- Kim Jong Un reportedly said he is “committed to denuclearization” on the Korean Peninsula, according to Chinese media that first reported Kim’s visit to Beijing.
- Kim said it was the wish of his father and grandfather, his two predecessors, to achieve denuclearization and that the issue “can be resolved.”
- A South Korean envoy who met with Kim earlier this month had repeated similar claims, but experts had been wary of the country’s overtures because of its vested interest on the Peninsula.
Kim Jong Un has reportedly said he is committed to denuclearization on the Korean Peninsula.
In a historic visit to meet President Xi Jinping in China, the North Korean leader’s first overseas visit since assuming power in 2011, Kim confirmed denuclearization is a goal of his.
“The issue of denuclearization of the Korean Peninsula can be resolved – if South Korea and the United States respond to our efforts with goodwill – create an atmosphere of peace and stability while taking progressive and synchronous measures for the realisation of peace,” said Kim, according to China’s state-run outlet Xinhua.
Kim also said that the situation on the Korean Peninsula is developing rapidly and getting better, and that denuclearization was a wish of his father and grandfather.
“It is our consistent stand to be committed to denuclearization on the peninsula, in accordance with the will of late President Kim Il Sung and late General Secretary Kim Jong Il,” he said.
This supports claims by South Korea’s envoy, who met with Kim in Pyongyang earlier this month.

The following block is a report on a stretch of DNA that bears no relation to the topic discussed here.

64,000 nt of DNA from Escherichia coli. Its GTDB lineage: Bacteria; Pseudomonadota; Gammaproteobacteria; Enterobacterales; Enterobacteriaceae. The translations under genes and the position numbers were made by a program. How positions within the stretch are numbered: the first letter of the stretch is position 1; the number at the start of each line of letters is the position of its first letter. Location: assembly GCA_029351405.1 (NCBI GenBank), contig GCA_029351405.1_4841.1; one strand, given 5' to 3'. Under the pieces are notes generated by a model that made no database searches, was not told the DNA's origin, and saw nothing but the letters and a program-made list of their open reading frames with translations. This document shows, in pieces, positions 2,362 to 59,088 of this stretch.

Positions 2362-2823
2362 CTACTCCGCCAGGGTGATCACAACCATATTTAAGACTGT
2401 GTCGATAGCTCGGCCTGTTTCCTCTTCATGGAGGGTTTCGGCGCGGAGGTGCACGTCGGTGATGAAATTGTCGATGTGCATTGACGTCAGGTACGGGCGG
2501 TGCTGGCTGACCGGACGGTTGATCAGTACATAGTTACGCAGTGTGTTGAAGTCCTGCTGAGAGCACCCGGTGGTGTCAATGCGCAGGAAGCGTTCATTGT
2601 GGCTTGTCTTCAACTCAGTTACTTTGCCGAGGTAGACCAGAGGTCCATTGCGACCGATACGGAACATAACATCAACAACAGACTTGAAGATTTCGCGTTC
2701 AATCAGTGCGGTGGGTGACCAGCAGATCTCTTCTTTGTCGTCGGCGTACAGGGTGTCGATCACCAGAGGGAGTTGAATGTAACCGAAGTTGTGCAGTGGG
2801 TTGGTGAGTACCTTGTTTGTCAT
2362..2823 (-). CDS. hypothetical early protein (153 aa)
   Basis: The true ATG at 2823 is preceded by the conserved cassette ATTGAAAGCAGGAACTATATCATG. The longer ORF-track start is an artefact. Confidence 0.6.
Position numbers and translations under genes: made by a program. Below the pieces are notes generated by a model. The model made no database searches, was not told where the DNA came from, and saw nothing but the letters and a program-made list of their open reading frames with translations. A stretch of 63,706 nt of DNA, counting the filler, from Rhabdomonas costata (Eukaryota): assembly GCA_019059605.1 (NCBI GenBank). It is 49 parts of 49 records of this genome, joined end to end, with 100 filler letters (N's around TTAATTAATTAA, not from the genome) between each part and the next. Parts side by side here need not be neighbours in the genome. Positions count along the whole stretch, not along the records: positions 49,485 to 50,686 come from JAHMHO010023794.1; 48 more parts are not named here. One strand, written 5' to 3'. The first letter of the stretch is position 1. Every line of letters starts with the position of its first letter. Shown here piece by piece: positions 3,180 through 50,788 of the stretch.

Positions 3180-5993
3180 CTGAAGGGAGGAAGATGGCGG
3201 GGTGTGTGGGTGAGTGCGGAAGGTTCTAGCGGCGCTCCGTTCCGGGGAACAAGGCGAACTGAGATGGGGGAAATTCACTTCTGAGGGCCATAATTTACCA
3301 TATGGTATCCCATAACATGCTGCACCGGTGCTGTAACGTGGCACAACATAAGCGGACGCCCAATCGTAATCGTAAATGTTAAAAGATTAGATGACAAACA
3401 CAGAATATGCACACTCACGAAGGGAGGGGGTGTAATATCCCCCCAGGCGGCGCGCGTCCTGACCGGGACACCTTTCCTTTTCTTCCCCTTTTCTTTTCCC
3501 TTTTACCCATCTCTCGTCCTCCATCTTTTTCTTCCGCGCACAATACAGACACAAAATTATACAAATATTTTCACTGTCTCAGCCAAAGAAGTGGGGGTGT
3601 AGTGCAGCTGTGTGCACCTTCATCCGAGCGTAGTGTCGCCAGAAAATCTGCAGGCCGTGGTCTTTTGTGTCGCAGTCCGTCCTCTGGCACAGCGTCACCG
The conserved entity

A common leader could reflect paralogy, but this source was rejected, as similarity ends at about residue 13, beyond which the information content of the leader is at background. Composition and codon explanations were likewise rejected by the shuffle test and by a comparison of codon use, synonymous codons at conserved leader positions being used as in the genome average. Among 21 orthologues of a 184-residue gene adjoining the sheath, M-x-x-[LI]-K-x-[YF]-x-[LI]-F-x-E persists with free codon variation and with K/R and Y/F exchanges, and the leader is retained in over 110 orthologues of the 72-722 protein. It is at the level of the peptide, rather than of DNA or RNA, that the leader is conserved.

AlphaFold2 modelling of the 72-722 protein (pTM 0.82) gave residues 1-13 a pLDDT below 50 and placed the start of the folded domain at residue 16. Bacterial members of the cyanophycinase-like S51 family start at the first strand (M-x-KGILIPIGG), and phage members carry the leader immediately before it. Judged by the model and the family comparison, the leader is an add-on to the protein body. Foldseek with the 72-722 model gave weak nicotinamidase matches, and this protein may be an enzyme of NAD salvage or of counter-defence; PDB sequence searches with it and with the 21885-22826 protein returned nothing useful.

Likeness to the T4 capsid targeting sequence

“What drew our attention, in particular, is that he made clear that achieving denuclearization is his father’s dying wish and that it has not been changed at all,” a Blue House spokesman said, according to the South Korean news agency Yonhap.
But there was suspicion among experts that South Korea may have embellished Kim’s words, and that the North Korean was unlikely to be open to denuclearization or would have even used the word.
“South Korea has an innate interest to provide the most benevolent interpretation of what North Korea said,” Yun Sun, a North Korea expert at the Stimson Center, told Business Insider. “If North Korea comes out and corroborates, watch the language it uses and what it really means in terms of North Korea’s position.”
Well, according to China’s media reports, Kim used “denuclearization” at least twice, which should give hope to both the US and South Korea who are hoping to hold talks with Kim in the next two months.
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